Congress to Vote on a Way to Distribute Cyber Crime Information to States and Cities
Published May 17, 2017 / Updated February 4, 2021

Congress to Vote on a Way to Distribute Cyber Crime Information to States and Cities

Should the Secret Service add a division that distributes cybercrime information?

by Caitlin Martin

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What is it?

On Tuesday, May 16, the House will consider passage of HR 1616 — Strengthening State and Local Cyber Crime Fighting Act of 2017, sponsored by John Ratcliffe (R-TX). The bill has nine co-sponsors in the House — eight Republicans and one Democrat. Senate Judiciary Chairman, Chuck Grassley (R-IA) and Ranking Member Dianne Feinstein (D-CA) have introduced this legislation in the Senate.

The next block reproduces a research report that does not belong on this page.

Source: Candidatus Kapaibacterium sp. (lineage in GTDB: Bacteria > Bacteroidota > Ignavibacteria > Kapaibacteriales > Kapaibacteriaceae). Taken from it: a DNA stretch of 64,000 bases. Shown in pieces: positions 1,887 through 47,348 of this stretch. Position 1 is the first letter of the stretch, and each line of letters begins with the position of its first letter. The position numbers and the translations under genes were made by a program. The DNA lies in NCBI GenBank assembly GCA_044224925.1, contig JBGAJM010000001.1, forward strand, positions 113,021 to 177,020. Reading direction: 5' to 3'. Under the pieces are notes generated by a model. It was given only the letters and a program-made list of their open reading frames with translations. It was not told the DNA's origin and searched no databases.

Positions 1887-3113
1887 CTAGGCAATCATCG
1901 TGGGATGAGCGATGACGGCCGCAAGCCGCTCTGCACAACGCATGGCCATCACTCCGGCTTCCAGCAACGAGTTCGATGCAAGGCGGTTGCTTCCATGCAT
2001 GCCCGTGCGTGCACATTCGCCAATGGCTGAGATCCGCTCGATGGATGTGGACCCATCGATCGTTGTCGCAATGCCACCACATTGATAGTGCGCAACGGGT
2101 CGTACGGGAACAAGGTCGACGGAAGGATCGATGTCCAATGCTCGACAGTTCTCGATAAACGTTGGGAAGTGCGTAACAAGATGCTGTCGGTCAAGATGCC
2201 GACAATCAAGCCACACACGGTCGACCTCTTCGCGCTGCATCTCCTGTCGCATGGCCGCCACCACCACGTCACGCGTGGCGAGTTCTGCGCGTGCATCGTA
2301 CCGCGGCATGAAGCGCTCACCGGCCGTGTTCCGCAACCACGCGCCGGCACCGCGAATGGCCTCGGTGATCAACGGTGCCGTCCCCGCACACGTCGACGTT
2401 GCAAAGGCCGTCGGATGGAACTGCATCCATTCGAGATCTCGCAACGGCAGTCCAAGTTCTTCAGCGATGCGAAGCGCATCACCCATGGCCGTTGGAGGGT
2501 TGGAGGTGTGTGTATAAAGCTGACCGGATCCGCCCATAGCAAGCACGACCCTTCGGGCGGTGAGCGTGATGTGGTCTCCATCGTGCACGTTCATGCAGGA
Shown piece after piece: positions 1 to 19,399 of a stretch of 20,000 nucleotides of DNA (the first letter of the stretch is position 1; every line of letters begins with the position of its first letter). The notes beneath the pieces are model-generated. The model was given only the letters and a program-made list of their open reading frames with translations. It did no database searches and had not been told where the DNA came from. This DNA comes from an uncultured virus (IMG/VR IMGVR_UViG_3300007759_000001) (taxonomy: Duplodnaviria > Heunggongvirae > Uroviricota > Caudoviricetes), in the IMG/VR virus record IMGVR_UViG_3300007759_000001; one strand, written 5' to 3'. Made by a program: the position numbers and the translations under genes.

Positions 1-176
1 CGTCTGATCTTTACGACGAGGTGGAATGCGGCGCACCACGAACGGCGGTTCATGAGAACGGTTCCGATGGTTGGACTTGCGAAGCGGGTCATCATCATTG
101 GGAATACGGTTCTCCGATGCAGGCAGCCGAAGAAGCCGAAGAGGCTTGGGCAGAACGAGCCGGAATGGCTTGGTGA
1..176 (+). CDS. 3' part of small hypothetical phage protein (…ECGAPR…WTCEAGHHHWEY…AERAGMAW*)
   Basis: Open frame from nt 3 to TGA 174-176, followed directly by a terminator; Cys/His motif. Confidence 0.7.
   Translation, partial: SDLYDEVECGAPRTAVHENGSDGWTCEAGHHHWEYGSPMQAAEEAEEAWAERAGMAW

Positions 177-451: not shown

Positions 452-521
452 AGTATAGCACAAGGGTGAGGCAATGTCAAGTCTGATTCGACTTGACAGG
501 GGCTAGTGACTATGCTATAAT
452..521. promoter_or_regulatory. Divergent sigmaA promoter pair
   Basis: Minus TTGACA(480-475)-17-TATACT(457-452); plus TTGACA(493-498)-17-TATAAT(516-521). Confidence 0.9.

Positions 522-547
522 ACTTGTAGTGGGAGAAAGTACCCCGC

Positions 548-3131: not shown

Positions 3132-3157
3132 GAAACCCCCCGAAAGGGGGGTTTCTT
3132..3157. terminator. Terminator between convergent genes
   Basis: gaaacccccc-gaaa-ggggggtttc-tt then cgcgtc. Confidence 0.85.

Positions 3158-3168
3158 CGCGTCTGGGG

What does this mean to me?

If passed, a National Computer Forensics Institute (NCFI), operated by the U.S. Secret Service, would be established. This agency would operate within the Department of Homeland Security (DHS) to distribute information related to cyber crime — either threats or acts of terrorism. The agency would also educate and train law enforcement officers, prosecutors, and judges at state and local levels of government.

Proponents of the bill argue that law enforcement agencies, prosecutors, and judges at all levels of government need more information and training about cyber crime and see the new agency as a way to provide more insights. Opponents of the bill argue that there are already many resources devoted to this mission, including the FBI, so there is no need for a single resource on this issue.

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